Back-of-the-book blurb: At 34 years of age, Scarlet has come home for the passing of her famous mother, the bird artist Addie Kavanaugh. The year is 2002. Though Addie and her husband, the world-renowned ornithologist Tom Kavanaugh, have made their life in southeastern Pennsylvania, Addie has chosen to die at the home of her dearest friend, Cora. This is because their ramshackle cottage in Burnham, Pennsylvania, is filled with so much history and because, in the last ten years or so, even birdsong has seemed to make Addie angry, or sad, or both. These are the things that Scarlet needs to understand. Cora and Lou (the third woman in Addie’s circle) will help Scarlet to see her mother in full.
She Is Too Fond Of Books’ Review: In Hovering Flight is, in a word, beautiful. In her debut novel Joyce Hinnefeld explores the relationship between mother and daughter, a relationship that began so strong and sweet – Scarlet, who was named for one of the birds Addie loved to paint, was as a child her mother’s constant companion, singing and playing while her mother sketched, and exploring the woods around their home together. As Scarlet entered her teens and Addie became an environmental activist with a following, the relationship strained. Perhaps Scarlet felt that Addie abandoned her role as “mother” to nurture instead the birds of the sky.
But this is not a tale of anger and regrets; it is a story of understanding and forgiving.
Upon Addie’s death, Tom Kavanaugh presents Scarlet with her mother’s first field journal, that binder holds sketches, observations, and details about the relationship that develops between Tom and Addie. Through the journal entries, quiet conversations with Addie’s long-time friends Cora and Lou, exploration of Addie’s art, and the memories of Tom and Scarlet, the complete and complex picture emerges.
Hinnefeld’s prose are striking in their observations of the human condition and the struggle for balance in all we do. Consider this excerpt, which Tom speaks to his class of college students the day he met Addie. Although he is referring to a physical description of birds, the passage describes Addie’s personality, and is, in turn, echoed in the title of the book:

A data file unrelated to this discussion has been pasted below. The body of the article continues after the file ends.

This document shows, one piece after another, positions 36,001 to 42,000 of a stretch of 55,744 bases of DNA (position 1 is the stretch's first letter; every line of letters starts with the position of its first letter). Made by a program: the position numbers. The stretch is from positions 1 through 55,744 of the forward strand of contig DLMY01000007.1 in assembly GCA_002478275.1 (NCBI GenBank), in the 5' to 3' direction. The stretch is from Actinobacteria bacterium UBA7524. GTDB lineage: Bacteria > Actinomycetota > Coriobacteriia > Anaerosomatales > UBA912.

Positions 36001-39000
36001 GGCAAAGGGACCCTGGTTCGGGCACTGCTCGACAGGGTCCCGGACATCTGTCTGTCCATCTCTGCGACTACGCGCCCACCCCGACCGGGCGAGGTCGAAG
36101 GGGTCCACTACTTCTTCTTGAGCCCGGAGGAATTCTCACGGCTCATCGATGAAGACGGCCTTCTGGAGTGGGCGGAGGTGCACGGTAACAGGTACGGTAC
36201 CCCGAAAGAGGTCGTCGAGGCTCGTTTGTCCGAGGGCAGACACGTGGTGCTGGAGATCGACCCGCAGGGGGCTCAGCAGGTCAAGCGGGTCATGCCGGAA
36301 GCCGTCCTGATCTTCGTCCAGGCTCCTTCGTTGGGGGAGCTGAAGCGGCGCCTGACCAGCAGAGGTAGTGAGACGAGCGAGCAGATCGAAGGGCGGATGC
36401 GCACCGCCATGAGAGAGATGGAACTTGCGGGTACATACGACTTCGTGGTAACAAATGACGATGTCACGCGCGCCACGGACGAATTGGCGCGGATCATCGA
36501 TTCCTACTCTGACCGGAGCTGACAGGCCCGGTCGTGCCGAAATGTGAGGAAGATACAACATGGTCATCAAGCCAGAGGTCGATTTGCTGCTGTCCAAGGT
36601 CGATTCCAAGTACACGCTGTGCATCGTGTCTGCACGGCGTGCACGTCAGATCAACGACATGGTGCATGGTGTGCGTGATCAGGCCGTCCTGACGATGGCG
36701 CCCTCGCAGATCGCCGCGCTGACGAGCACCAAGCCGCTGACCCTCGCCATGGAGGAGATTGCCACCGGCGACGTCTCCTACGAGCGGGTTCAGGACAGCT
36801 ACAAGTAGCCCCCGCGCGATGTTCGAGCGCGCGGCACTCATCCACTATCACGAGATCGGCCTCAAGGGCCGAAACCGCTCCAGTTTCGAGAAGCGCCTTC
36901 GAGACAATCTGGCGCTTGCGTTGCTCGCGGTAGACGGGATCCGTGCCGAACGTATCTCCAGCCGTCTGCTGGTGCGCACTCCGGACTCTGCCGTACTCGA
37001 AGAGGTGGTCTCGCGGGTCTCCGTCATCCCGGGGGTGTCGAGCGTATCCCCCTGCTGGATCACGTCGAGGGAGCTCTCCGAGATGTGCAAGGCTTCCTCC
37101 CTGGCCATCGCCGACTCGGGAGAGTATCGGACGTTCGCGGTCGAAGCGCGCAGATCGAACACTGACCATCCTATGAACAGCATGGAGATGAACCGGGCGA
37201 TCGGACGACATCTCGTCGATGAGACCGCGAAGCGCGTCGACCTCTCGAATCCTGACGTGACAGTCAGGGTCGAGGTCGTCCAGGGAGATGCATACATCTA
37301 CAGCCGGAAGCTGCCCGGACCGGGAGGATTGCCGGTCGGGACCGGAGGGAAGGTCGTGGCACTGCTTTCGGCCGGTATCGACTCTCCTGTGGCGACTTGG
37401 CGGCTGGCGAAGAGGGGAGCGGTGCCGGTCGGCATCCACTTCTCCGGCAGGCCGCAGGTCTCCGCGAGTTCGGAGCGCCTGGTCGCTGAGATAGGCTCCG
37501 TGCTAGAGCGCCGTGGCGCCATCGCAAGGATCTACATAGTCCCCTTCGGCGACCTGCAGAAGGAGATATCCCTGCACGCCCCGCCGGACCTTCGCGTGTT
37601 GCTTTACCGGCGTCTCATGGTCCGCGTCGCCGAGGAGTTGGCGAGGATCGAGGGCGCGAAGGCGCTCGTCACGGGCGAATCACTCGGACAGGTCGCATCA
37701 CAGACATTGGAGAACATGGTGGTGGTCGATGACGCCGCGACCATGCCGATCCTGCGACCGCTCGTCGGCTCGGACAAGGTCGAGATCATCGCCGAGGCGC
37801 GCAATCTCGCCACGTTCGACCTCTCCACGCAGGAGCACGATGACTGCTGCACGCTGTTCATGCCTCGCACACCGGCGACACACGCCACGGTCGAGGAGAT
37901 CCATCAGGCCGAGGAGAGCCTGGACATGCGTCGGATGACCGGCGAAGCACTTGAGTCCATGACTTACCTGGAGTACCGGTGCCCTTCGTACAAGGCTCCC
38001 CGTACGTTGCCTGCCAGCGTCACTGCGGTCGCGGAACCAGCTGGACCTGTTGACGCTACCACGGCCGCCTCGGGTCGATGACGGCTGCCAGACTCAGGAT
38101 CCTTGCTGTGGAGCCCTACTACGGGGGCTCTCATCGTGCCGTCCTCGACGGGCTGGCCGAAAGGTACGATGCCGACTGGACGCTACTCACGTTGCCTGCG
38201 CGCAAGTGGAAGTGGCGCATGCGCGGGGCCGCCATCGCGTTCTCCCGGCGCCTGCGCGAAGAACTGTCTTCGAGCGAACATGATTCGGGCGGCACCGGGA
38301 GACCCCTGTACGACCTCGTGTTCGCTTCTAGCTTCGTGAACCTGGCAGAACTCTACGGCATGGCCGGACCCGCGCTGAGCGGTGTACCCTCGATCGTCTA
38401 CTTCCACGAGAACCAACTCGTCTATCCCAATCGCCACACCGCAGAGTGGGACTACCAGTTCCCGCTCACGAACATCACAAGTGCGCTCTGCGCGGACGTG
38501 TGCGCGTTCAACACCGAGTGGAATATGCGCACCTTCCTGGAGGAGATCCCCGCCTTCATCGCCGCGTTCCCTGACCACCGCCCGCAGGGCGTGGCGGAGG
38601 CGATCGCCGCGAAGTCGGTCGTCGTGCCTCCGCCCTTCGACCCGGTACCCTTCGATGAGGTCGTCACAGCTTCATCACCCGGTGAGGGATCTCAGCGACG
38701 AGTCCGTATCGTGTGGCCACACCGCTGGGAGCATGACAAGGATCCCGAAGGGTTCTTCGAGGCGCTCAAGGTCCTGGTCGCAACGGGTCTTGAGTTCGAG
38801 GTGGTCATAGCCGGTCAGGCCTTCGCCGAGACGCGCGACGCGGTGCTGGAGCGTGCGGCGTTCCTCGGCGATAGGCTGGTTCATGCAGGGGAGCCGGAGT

Hollow bones. Imagine what this means. Strength and lightness. Flight and surety. They hover too magnificently between the practical and the whimsical, the rational and the exquisitely nonsensical, for any student of their physiology and habitat and history to dare to linger too long at either pole, the strictly ‘scientific’ or the purely ‘poetic.’
Later, Hinnefeld describes the blues Addie feels after Scarlet’s birth. Her rocking chair, which contented her during the pregnancy and in the early weeks when she nursed Scarlet, had brought her “more happiness than she could bear.” A few months later Addie struggles to adjust to her new lifestyle:
… she would put Scarlet, sated and sleeping soundly, in the bassinet … And she would fight the urge to cry. Because she was so terribly, miserably, indescribably bored – bored with washing diapers, bored with sitting and nursing, barely able even to read because she couldn’t turn the pages without rousing, and angering, her demanding baby. Bored too with typing Tom’s words about the songs of birds, instead of hearing – and more importantly, for her, seeing – the things themselves.
In Hovering Flight was chosen as the Indie Next pick for September 2008 – with good reason! I highly recommend this book for a gift or for your own bookshelf. You will be caught up in Scarlet’s story, and journey with her as she learns more about her parents and their friends, and how these connections shaped her into the woman she is; Hinnefeld’s writing is a pleasure to read and I’ve spent more time contemplating the birds at our feeder in the days since I finished the book. Read other reviews of In Hovering Flight at My Friend Amy’s blog and at Fresh Ink.
Joyce Hinnefeld teaches at Moravian College in Bethlehem, Pennsylvania; her fiction, poetry and essays have been published in several print and online journals. Her collection of short stories, Tell Me Everything was awarded the 1997 Bread Loaf Writers Conference Bakeless Prize in Fiction. For more information about Joyce Hinnefeld and In Hovering Flight, visit the author’s website. You might also read Joyce’s Author Chat on LibraryThing from the past few weeks, and my interview with the author.